IdeologyLiberal nationalism
Political positionCentre
International affiliationNone
Kamil bey
Kâmil Pasha, who became a figurehead of the Freedom and Accord Party


Election year


Party list


% of

party list votes

Seats won +/–
6 / 288
+6 Opposition
6 / 275
0 Opposition



  1. ^ a b c Gawrych 2006, p. 190.
  2. ^ Birinci 1990, p. 84.
  3. ^ Burak, p. 307.


  • Birinci, Ali (1990), Hürriyet ve İtilaf Fırkası (in Turkish), İstanbul: Dergah Yayınları, ISBN 9759953072
  • Burak, Durdu Mehmet, Osmanlı Devleti'nde Jön Türk Hareketinin Başlaması ve Etkileri (PDF) (in Turkish), Ankara University, pp. 292–318, doi:10.1501/OTAM_0000000502, retrieved 17 March 2013
  • Gawrych, George (2006). The Crescent and the Eagle: Ottoman rule, Islam and the Albanians, 1874–1913. London: IB Tauris. ISBN 9781845112875.
1912 Ottoman coup d'état

1912 Ottoman coup d'état (17 July 1912) was a military coup in the Ottoman Empire against the Committee of Union and Progress (CUP) government (elected during the 1912 general elections) by a group of military officers calling themselves the Saviour Officers (Ottoman Turkish: Halâskâr Zâbitân‎; Modern Turkish: Kurtarıcı Subaylar) during the dissolution era of the Ottoman Empire.The Saviour Officers are often referred to as the military wing of the Freedom and Accord Party (Liberal Union or Liberal Entente), which became the main opposition party after the 1912 election, which became notorious for electioneering and voter fraud by the CUP. Freedom and Accord members recruited elements such as the officers to their cause in protest. The coup was one of the central events of the politically volatile 1912–13 years, which saw political instability due to the power struggle between the CUP and Freedom and Accord, as well as the newly sparked Balkan Wars.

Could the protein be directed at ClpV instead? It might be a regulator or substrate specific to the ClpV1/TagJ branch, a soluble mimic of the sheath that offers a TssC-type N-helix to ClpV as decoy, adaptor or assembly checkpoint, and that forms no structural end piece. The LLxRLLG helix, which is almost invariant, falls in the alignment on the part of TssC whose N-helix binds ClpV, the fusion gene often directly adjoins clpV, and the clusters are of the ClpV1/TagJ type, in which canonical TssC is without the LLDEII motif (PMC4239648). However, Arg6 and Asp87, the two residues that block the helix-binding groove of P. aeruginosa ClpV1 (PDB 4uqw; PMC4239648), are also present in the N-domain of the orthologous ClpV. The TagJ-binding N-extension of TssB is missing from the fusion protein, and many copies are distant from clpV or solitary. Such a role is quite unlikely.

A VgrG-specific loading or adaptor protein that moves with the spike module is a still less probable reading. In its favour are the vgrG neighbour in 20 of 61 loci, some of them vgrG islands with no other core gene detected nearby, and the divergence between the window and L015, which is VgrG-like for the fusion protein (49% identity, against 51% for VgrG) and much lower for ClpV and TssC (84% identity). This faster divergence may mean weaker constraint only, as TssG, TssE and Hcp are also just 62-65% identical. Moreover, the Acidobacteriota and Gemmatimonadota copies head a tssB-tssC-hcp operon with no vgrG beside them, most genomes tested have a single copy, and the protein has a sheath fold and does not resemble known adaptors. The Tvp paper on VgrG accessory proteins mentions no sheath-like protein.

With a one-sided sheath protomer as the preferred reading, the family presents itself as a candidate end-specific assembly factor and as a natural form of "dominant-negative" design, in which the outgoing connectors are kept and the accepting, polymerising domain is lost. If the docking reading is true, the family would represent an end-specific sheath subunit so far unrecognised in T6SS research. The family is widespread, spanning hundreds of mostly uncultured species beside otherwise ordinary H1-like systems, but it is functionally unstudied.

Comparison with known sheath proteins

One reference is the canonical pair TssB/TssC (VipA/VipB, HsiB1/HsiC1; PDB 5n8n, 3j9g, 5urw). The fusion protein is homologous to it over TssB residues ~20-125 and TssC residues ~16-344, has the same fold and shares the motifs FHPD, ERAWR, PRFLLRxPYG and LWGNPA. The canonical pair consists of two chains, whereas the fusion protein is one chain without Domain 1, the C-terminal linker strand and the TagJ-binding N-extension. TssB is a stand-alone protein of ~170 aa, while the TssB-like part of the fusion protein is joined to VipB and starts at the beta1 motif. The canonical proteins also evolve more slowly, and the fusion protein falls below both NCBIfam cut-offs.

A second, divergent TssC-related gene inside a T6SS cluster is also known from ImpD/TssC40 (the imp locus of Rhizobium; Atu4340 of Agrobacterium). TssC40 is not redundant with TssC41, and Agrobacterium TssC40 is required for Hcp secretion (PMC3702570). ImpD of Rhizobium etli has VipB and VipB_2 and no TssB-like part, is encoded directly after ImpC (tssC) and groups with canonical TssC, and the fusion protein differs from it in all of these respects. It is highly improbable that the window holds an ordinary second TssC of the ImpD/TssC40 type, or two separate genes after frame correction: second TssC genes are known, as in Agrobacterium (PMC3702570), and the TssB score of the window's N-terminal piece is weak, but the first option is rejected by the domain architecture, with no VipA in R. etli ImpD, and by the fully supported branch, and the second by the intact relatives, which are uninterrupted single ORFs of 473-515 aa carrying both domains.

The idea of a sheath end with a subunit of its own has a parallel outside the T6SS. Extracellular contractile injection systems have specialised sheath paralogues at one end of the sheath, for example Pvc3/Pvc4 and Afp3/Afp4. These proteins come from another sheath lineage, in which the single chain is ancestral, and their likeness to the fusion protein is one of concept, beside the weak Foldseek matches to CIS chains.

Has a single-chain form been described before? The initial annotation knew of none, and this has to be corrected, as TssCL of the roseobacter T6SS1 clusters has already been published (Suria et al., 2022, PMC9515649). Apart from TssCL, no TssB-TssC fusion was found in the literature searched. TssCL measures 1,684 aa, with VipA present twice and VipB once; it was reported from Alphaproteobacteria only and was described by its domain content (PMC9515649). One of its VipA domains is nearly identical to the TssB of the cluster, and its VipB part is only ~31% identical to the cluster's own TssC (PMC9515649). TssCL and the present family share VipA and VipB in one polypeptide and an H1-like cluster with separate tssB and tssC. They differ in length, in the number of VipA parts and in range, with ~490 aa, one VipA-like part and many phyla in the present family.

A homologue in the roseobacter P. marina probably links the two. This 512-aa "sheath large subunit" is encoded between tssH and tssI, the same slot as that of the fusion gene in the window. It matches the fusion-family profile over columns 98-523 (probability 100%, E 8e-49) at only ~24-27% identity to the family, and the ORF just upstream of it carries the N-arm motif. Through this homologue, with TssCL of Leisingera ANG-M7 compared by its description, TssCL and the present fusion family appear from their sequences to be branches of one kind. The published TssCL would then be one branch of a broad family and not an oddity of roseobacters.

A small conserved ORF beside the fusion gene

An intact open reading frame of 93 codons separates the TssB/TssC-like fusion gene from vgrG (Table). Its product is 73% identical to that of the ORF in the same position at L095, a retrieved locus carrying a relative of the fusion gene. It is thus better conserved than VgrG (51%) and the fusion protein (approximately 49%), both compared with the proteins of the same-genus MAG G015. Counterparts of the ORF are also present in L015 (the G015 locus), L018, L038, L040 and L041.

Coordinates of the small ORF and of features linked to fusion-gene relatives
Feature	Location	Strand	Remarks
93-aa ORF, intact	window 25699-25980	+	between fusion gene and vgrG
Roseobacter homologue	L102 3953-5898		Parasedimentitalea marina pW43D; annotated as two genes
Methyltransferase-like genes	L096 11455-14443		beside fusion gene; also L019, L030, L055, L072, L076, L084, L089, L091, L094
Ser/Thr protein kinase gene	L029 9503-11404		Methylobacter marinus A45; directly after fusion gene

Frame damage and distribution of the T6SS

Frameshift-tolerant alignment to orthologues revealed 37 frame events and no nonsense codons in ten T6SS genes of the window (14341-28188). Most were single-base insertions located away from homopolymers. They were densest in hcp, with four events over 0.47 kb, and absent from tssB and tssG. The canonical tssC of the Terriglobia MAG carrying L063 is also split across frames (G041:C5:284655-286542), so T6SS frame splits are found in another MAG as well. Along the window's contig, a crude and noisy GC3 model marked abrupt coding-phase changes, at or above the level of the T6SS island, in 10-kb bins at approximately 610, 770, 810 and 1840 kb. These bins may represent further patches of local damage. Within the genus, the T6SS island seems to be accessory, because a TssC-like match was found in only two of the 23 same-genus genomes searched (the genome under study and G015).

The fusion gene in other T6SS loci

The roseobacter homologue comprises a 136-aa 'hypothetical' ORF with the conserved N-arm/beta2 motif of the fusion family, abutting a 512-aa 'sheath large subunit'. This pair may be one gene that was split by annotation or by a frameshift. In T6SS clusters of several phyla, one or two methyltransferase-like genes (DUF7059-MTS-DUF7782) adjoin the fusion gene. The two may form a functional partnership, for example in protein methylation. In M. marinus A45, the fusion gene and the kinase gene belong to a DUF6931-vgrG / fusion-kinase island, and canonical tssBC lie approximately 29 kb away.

1912 Ottoman general election

Early general elections were held in the Ottoman Empire in April 1912. Due to electoral fraud and brutal electioneering, which earned the elections the nickname Sopalı Seçimler ("Election of Clubs"), the ruling Committee of Union and Progress won 269 of the 275 seats in the Chamber of Deputies, whilst the opposition Liberal Entente (also known as the Freedom and Accord Party or the Liberal Union) won only the remaining six seats.